Examples for Jakarta EE.
Eclipse Tempest will start by providing an IDE-agnostic library for tools required for cloud application development:
With the insight of software solutions used in IoT devices, it is not hard to find out that the need for an OS independent IoT device software is indeed there. There are plenty of software products out there, and some of them are full stack including RTOS, drivers, network stack and almost everything; some of them are pure RTOS. Eclipse Kiso is not locked in by any RTOS and is designed with the idea of being RTOS neutral.
Eclipse Dartboard provides development tools for Dartboard and Flutter in the Eclipse IDE.
Eclipse Yasham is an Open & Extensible Cloud-Native Smart Living Platform for Consumer IoT.
The Jakarta Batch project describes the job specification language (XML), Java programming model, and runtime environment for batch applications for the Java platform. It is designed for use on both the Java SE and Java EE / Jakarta EE platforms.
Some key features of Java Batch include:
Eclipse AVSys adopts the model-based design methodology to describe an autonomous driving system. Using blocks and lines, users create a block diagram of the entire system, and based on it OSCAR IDE generates a ROS package and handles all dependencies. Finally, Eclipse AVSys builds the generated package on a target device and creates ready-to-launch executable ROS nodes.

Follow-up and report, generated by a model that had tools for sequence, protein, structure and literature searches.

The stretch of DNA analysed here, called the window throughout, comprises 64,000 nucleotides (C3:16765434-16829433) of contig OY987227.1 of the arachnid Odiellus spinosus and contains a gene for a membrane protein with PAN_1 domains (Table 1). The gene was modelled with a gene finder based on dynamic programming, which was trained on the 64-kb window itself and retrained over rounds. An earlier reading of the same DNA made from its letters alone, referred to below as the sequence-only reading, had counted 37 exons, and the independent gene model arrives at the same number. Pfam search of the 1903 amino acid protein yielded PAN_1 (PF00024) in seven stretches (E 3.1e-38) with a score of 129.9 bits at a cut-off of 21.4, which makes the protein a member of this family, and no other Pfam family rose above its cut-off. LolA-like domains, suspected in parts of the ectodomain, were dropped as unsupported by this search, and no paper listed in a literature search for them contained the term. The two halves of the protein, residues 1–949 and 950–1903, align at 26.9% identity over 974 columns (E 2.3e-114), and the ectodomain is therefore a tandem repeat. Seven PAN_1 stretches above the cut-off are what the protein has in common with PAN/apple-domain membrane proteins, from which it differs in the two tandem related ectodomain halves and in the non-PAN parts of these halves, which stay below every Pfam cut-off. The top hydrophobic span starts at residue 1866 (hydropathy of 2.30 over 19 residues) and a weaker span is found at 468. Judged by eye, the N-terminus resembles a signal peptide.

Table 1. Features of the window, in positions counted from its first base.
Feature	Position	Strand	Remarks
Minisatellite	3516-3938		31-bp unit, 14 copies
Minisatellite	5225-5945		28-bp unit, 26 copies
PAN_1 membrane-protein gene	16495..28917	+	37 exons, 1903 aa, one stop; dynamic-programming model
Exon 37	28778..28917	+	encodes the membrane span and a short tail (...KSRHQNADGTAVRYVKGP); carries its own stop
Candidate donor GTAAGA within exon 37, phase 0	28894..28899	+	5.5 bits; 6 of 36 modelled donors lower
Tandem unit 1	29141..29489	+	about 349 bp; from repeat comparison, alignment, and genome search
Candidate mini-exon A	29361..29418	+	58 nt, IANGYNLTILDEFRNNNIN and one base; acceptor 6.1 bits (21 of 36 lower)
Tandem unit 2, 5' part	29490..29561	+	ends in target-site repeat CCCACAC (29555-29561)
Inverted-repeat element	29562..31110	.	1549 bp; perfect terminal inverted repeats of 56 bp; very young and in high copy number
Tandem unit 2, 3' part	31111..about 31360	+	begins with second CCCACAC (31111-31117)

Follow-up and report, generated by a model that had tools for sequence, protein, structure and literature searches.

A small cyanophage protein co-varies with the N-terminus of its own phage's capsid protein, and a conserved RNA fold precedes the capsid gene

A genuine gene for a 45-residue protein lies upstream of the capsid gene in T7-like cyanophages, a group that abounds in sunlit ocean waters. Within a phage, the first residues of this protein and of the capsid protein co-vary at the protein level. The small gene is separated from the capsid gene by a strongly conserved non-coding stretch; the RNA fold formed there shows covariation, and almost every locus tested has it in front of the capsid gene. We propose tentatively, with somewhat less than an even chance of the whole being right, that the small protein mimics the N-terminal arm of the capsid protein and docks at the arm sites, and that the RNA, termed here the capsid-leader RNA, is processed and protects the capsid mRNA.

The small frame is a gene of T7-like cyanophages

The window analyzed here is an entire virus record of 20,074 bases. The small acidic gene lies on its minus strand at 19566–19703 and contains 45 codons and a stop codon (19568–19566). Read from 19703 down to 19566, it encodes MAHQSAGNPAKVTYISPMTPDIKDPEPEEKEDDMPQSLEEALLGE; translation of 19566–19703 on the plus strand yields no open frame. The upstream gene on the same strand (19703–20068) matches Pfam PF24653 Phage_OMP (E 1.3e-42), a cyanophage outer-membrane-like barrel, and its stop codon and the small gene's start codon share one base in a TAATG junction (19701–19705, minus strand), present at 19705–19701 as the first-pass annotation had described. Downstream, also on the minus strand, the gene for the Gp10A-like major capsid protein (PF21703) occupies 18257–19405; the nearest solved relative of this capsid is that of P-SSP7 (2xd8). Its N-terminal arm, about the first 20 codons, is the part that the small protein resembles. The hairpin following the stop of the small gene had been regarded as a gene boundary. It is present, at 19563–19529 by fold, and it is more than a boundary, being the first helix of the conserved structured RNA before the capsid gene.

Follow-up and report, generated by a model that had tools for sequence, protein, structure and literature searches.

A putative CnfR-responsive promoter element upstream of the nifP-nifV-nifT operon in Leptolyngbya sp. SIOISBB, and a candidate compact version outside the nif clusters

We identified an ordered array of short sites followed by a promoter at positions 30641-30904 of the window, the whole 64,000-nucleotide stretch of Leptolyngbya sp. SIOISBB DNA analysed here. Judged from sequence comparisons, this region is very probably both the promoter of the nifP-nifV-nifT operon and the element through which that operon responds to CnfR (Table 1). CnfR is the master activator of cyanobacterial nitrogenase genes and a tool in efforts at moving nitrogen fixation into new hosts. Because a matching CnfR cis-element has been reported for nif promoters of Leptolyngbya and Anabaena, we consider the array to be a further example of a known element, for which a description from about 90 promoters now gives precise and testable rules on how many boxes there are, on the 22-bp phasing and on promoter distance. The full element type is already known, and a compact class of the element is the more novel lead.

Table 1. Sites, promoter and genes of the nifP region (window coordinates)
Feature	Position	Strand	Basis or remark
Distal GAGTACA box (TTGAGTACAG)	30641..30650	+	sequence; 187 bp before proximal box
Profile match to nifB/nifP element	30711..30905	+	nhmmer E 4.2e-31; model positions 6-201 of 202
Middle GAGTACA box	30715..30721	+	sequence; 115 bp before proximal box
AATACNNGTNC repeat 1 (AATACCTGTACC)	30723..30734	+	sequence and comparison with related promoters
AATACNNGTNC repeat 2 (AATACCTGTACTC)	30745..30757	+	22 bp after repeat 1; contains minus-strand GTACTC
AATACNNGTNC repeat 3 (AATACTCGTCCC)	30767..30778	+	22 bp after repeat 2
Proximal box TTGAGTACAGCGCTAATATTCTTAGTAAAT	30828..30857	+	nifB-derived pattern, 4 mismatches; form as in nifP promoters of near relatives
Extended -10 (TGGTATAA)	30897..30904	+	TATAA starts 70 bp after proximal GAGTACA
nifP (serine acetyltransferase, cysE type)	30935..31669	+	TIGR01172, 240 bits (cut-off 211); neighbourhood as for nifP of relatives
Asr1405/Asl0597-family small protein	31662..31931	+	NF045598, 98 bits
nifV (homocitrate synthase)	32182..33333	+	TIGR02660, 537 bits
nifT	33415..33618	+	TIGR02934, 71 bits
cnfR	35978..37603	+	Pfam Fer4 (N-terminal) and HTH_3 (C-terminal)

The Eclipse Passage project aims to provide rich and easily adoptable capabilities to define and control licensing constraints.
The usage story starts in Licensing Operator client:
IoT is a multi-faceted topic, seen by many as a much-needed redefinition of embedded computing. The efficiency and performance of current CPUs, along with a decreasing footprint, enable broader products and solutions across multiple domains, such as home, industrial automation, environment, agriculture, transportation, safety, security, control systems, robotics, wireless sensor networks, and wearables. Sensing devices manifest in various categories and applications.
Conceived in 2014, the Eclipse MRAA project aimed to deliver a high-level, easy-to-use set of APIs for I/O access on Linux* boards and systems, similar to Arduino* offerings for MCU boards. At the time, the project targeted support for platforms such as Intel® Galileo, Intel® Edison and Raspberry Pi* boards, highly popular among IoT enthusiasts and makers.